A prominent nuclear bomb survivor and anti-nuclear armament activist is renewing her call for Japan and other countries to sign a U.N. nuclear ban treaty on the 75th anniversary of the atomic bombings.

Setsuko Thurlow, a hibakusha from Hiroshima, sent letters to the leaders of 197 countries asking them to ratify and promote the Treaty on the Prohibition of Nuclear Weapons.
Thurlow, 88, who lives in Canada, wrote to Prime Minister Shinzo Abe as well.

In her letter in English to Abe, she wrote about the resentment and sorrow of hibakusha who hope for the abolishment of nuclear weapons, and shared her personal story about the blast. She was just 13 years old.

“Still to this day, radiation is killing survivors,” she said. “Every person who died had a name. Every person was loved by someone.”

She wrote that she feels personally betrayed as one of the hibakusha because the Japanese government is refusing to sign and ratify the treaty and that it continues to rely on the nuclear umbrella of the United States.

“The fact that the Japanese government shamefully continues to state publicly that nuclear weapons are necessary for its own security undermines all efforts being made for their elimination,” she said in her letter.

“Tragically, the Japanese government seems to be an accomplice to these nuclear-armed nations. This stance represents a dreadful defiance against Japanese public opinion, and has the potential to destroy Japan’s credibility in the international community,” she said.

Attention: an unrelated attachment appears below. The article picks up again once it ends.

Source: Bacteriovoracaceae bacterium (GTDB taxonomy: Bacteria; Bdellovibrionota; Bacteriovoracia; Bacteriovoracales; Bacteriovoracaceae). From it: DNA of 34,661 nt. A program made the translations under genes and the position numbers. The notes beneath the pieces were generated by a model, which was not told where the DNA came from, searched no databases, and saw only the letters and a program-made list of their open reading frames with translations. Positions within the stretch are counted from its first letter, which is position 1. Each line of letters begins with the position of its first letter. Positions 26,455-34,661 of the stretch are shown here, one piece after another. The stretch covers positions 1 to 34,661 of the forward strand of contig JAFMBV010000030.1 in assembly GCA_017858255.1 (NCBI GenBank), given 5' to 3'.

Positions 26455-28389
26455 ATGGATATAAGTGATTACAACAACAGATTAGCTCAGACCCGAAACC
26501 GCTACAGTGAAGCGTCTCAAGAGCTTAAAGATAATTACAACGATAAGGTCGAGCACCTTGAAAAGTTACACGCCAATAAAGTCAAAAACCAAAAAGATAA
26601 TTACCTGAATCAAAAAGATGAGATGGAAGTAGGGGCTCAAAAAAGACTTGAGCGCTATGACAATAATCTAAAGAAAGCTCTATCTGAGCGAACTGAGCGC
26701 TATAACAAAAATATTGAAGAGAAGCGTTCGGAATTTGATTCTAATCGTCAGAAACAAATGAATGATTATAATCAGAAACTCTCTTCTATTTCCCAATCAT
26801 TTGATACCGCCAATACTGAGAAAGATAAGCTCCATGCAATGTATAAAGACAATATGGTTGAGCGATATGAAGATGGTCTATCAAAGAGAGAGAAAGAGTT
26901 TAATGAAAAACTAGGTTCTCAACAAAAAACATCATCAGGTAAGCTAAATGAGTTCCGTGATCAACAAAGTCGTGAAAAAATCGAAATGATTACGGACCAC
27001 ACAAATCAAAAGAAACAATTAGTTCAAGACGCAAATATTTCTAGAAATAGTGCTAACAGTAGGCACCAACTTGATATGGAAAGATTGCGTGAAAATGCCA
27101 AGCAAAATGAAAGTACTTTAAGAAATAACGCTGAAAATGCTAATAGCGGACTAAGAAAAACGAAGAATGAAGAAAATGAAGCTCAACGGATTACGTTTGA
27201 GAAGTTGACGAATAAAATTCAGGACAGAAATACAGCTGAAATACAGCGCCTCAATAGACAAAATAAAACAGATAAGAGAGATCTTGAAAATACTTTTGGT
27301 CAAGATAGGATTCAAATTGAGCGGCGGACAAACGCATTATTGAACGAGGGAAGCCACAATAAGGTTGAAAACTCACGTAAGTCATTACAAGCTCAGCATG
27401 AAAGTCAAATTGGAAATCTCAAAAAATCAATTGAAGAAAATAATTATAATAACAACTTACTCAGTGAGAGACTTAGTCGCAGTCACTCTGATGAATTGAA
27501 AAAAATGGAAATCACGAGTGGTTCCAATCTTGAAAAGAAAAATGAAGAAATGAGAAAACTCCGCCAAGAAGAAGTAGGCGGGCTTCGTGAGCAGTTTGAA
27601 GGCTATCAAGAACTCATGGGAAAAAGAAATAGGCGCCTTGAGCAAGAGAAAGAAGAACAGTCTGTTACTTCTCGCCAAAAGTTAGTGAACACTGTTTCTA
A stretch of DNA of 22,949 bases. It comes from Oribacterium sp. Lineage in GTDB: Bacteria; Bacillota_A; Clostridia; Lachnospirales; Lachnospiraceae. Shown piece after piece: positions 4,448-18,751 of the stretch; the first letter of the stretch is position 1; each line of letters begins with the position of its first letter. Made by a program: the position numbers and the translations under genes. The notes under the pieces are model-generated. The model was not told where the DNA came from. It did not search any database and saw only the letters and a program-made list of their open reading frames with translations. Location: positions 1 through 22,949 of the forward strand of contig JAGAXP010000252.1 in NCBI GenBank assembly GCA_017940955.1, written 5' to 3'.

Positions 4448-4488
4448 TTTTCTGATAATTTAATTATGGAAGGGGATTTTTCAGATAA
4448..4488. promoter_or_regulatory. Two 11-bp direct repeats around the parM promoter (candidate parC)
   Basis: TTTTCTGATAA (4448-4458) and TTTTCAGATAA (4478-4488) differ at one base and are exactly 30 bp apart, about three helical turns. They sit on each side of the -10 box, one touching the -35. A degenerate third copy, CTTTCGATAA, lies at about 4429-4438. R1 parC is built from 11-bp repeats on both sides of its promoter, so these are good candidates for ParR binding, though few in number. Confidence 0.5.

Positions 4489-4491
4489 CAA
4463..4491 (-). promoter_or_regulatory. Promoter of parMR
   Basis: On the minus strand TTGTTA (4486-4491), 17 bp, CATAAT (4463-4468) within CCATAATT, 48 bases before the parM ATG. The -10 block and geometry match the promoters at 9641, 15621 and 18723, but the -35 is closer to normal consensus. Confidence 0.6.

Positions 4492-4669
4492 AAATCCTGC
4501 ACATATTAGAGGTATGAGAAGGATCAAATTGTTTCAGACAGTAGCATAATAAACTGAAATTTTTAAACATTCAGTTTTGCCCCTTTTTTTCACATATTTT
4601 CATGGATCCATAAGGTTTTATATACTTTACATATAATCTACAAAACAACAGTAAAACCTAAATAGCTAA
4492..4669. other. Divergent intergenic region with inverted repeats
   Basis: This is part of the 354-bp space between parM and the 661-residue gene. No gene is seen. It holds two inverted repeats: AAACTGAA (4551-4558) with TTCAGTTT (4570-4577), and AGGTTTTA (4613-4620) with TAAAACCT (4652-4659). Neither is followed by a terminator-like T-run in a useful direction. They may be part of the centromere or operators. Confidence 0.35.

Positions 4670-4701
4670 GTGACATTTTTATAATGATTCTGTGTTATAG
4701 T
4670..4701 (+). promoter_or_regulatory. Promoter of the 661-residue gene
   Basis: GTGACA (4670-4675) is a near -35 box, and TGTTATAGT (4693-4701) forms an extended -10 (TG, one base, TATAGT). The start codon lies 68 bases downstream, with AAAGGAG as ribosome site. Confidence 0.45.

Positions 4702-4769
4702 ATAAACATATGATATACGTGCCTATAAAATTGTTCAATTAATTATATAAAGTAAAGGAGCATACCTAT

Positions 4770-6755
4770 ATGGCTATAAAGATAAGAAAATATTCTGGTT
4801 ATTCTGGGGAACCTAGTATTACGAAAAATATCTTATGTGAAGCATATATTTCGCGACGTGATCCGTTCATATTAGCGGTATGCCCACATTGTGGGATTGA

The Treaty on the Prohibition of Nuclear Weapons marked the third anniversary of its adoption at the United Nations on July 7.

Fiji ratified the treaty on that anniversary, making it the 39th country to officially approve the treaty. Botswana became the 40th on July 15.

The treaty will come into effect 90 days after the 50th country ratifies it.

Thurlow has been promoting the treaty and working with the NGO International Campaign to Abolish Nuclear Weapons (ICAN), which was awarded the Nobel Peace Prize in 2017.

When she was invited for the enthronement ceremony of the new emperor and returned to Japan last year, she hoped to meet with Abe but was unable to do so. 

She wrote to world leaders as a representative of ICAN calling for more to ratify the treaty, as Japan is marking 75 years since the atomic bombs were dropped.

“Japan must be aware of its historical, global and moral responsibility, and break with its policy of dependence on nuclear weapons,” she wrote.

“Prime Minister Abe, if you declare, on the 75th anniversaries of the atomic bombings, that you will change Japan’s policy and work towards the signing and ratification of the Treaty on the Prohibition of Nuclear Weapons, this will be etched in the history of Japan and of the world as your greatest legacy.”